TALK IS CHEAP! In this continuing series on Crucial Conversations, CEO and founder, Jerry Houston, makes the point that Talking is NOT COMMUNICATING. Communication requires an honest, two-way interaction that is based on understanding the message. Enjoy this week’s Power Idea!

I had the pleasure of sitting in on the final class of our Virtual Management Development Program with one of our favorite clients, Faller Davis and Associates in Tampa, Florida. The class focused on the book, Crucial Conversations (by Patterson, Grenny, McMillan, and Switzler). Our facilitator, Laura Dillingham, lead the group in a discussion of what it really means to communicate, especially when the conversation is a difficult one. For example, when we are involved in issues such as challenges in the workplace between people, relationship challenges outside of work, or difficulties that happen out in the world that require an appropriate resolution if there is to be a strong and respectful relationship.

The fear of fight or flight creates a great deal of difficulty for people whether they are introverted or extroverted. We all either over-react or under-react at times, and this has a bearing on the long-term well-being of everyone involved in these transactions. Human behavior is really interesting. We often times choose a road that does not serve us well, and we need to be honest about our emotions when we are in difficult communications.

How do we get better at crucial conversations? Perfect practice makes perfect. Owning the fact that we don’t always confront appropriately, we can forgive ourselves and spend our time constructively, analyzing why communications get off track and how we can get overcome those obstacles and have more successful communications. Avoidance never works. Problems in conversation and communications compound and get more difficult when we pretend that they will somehow disappear if we ignore them. We all know that this is not going to happen and dealing effectively with the crucial situation is always preferred.

Another key point made in the crucial conversation class was it takes courage to say what must be said, even if it impacts friendships at times. People will appreciate your courage and most of us really want the truth, because the truth allows us to deal with reality and move to a better place. The concept is called Shared Meaning and it occurs when there are honesty and understanding in the dialogue. Humans seem to have an innate need to win, to be right. In the end, you need to be right with yourself, and then you can be right with others. People have a need to feel safe when they speak up, and you can take the responsibility to create a safe environment. It’s that idea of “I’m OK and You’re OK” which leads to a more honest dialogue.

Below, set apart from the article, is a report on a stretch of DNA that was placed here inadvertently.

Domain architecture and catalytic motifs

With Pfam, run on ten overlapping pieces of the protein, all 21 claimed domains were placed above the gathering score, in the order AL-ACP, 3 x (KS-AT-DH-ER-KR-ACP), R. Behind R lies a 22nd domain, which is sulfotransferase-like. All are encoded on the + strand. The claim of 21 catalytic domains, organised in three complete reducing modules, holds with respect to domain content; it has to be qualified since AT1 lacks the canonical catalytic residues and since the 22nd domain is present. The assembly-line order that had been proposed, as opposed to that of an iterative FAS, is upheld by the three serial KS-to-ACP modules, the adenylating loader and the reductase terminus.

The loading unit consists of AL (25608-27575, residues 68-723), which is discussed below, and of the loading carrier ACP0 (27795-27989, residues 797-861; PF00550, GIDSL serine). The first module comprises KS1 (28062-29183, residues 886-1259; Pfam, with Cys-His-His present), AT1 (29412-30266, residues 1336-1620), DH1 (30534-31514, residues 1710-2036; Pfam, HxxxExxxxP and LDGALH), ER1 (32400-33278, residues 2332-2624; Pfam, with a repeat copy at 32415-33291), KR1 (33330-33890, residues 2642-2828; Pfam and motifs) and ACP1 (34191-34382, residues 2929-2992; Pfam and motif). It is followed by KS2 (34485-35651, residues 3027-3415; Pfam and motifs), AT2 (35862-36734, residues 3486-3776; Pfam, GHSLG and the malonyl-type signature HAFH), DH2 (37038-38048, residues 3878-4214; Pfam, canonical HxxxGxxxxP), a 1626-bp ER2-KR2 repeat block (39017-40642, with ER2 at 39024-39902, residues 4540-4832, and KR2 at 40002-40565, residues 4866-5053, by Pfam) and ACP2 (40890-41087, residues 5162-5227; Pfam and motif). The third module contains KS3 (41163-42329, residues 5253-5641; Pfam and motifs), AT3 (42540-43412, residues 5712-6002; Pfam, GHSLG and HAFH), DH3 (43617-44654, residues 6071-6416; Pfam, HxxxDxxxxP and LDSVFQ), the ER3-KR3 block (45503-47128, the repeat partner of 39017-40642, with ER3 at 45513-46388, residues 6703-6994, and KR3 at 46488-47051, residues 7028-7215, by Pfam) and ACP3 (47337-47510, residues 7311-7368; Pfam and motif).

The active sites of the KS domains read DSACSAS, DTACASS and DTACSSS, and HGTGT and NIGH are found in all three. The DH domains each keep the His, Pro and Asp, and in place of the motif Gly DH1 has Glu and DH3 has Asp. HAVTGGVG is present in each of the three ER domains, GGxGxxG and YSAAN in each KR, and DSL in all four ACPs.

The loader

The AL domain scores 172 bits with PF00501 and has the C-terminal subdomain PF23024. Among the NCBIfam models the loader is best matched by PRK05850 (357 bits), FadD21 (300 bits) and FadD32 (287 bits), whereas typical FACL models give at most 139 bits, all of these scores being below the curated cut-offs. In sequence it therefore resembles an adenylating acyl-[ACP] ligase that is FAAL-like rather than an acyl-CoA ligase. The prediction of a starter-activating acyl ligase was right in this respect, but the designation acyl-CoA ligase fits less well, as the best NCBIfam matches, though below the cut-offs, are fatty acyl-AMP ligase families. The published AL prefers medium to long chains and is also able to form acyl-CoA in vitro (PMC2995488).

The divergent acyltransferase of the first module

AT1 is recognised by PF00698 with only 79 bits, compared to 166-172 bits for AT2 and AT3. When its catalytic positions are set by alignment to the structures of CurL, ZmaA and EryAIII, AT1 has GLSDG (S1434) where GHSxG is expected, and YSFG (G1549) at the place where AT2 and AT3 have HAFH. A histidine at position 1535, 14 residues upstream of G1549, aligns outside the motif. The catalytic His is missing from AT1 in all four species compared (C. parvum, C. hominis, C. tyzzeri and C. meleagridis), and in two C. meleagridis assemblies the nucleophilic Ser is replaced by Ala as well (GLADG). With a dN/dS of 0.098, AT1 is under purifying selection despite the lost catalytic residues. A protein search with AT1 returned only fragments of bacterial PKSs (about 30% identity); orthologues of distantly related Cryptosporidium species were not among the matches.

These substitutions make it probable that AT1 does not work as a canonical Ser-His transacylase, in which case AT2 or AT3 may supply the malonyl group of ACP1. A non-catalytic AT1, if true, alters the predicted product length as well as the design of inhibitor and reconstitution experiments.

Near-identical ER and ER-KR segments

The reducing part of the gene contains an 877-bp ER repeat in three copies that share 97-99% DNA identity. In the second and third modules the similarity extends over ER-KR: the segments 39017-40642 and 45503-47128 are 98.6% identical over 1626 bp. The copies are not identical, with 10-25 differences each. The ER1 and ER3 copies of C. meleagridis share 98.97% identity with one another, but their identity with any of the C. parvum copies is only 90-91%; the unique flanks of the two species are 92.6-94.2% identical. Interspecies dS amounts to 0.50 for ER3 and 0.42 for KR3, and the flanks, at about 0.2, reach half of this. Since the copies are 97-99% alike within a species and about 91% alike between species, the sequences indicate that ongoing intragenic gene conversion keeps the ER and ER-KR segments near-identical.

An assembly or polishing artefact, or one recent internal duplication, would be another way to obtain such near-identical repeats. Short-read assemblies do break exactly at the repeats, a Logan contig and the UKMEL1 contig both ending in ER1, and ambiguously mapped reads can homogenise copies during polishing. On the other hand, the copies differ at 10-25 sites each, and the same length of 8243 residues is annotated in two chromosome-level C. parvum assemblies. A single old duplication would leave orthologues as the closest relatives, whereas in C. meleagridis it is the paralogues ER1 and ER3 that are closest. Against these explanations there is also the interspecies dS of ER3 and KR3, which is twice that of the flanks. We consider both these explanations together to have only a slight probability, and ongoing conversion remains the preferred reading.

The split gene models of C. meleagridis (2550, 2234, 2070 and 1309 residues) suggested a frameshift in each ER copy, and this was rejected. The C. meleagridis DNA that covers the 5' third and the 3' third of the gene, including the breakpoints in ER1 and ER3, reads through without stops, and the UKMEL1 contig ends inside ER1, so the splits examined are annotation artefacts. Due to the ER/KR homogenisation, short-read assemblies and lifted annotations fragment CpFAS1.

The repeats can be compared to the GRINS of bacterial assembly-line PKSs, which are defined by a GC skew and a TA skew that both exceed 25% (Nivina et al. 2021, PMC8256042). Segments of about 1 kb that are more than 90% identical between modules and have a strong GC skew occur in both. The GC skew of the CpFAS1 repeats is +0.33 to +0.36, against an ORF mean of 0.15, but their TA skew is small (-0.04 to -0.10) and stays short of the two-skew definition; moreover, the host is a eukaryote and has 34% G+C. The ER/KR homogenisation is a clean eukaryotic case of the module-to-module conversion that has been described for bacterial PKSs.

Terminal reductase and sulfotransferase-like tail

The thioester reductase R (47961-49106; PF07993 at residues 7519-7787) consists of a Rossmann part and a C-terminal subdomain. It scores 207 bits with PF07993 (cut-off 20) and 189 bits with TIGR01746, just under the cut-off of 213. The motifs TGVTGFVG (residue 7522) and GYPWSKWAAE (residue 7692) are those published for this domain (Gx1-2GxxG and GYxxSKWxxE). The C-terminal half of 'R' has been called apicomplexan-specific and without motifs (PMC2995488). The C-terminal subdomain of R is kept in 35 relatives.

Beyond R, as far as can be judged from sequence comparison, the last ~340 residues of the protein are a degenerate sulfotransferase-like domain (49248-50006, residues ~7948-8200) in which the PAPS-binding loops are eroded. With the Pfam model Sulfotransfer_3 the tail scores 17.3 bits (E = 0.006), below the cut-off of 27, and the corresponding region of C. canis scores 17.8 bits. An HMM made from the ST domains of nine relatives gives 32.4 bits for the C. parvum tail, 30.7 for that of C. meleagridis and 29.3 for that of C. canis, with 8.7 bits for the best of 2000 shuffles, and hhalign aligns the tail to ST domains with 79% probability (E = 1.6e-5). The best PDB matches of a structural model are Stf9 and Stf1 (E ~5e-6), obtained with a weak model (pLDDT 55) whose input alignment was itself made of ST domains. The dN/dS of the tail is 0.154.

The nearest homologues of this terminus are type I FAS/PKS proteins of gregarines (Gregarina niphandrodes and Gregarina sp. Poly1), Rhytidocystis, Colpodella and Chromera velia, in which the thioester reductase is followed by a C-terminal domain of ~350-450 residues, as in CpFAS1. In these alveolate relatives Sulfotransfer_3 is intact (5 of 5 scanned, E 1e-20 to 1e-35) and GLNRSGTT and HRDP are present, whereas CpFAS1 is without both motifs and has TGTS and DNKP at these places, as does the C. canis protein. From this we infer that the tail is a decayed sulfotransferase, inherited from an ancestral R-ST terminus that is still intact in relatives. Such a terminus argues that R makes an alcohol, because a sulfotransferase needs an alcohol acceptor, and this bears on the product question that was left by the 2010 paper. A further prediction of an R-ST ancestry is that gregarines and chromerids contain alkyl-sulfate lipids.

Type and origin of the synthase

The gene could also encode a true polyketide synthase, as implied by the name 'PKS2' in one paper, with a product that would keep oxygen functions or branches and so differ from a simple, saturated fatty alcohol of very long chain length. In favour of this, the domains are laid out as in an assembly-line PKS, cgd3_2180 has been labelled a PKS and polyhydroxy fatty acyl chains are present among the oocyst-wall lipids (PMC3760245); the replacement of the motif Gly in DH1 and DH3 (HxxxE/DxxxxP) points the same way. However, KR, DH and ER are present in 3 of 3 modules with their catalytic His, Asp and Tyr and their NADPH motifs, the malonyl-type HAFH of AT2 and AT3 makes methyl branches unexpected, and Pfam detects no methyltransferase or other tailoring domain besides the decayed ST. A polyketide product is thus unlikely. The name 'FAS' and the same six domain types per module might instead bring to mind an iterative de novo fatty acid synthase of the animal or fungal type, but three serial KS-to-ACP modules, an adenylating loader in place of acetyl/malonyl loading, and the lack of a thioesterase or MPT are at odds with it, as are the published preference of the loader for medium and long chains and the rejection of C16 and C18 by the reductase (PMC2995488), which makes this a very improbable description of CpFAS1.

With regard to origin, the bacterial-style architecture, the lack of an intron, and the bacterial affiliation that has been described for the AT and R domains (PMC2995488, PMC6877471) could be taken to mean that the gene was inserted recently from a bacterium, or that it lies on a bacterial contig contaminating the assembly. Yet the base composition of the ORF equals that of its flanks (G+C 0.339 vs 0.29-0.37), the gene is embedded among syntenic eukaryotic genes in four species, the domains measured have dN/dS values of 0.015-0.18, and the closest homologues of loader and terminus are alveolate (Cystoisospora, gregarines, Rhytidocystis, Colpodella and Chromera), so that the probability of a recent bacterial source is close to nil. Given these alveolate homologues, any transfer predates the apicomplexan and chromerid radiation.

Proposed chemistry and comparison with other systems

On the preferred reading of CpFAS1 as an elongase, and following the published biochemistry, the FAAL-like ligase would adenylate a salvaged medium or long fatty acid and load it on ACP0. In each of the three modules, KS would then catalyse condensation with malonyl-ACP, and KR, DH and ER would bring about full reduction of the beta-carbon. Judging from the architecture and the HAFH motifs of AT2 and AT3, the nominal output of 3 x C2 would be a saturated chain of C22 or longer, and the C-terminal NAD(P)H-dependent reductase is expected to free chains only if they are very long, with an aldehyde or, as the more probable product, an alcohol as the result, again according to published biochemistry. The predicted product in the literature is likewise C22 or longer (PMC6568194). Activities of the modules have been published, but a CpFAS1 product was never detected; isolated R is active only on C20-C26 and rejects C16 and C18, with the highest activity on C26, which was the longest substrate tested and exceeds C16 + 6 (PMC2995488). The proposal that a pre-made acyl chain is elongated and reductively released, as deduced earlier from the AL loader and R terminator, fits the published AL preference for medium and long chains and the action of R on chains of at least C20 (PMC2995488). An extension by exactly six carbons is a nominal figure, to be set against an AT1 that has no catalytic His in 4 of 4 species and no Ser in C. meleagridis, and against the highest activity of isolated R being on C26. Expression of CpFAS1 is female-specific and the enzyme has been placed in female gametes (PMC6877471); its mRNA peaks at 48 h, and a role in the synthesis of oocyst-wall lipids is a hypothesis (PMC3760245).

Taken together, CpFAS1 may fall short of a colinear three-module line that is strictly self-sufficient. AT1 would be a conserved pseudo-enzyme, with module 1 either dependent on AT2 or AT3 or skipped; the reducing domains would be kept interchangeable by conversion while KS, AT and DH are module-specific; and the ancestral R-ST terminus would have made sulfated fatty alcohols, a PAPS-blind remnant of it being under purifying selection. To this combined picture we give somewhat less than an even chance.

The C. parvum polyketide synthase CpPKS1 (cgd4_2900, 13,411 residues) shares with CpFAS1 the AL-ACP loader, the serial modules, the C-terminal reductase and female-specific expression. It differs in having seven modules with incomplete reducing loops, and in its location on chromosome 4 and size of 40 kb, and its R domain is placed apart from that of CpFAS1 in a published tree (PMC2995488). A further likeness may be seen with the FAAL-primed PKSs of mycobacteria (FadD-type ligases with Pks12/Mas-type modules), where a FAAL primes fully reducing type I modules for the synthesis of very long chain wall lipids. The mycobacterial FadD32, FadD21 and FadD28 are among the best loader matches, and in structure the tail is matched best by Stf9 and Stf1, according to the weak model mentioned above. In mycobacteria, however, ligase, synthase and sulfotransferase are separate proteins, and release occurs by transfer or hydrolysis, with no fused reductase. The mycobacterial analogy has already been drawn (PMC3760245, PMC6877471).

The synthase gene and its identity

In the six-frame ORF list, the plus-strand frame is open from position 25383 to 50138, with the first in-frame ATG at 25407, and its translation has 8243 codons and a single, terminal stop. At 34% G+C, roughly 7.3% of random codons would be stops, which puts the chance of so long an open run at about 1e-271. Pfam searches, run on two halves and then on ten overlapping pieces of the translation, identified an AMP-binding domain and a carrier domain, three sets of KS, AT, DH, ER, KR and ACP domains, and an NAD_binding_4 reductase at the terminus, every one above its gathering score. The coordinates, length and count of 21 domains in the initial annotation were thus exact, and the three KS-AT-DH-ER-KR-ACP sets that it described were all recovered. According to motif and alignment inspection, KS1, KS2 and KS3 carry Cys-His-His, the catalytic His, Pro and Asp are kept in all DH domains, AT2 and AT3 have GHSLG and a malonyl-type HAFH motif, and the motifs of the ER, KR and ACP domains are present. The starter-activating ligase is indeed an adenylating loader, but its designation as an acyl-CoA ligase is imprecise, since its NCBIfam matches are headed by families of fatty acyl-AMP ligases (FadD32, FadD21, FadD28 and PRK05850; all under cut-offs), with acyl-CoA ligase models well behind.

The only person you can control is yourself, so be sure you are coming from a correct place and that you are not being sarcastic, negative and so on. The payoff is that you will get more positive contributions from others and the resolution to the challenge at hand is much more likely to occur.

During the conversation in the class, everyone agreed that understanding these concepts is easy, compared to applying these ideas when you are in the situation. Laura talked about the idea of being very clear about your goal in the conversation. Understand what is the outcome that you want, be disciplined and stay the course.

This is an extremely important topic and much of the consternation that exists at work and at home comes from our lack of ability to have crucial conversations with each other. In the end, TALK IS CHEAP, but Real, Honest, Forthright Crucial Conversation is NOT.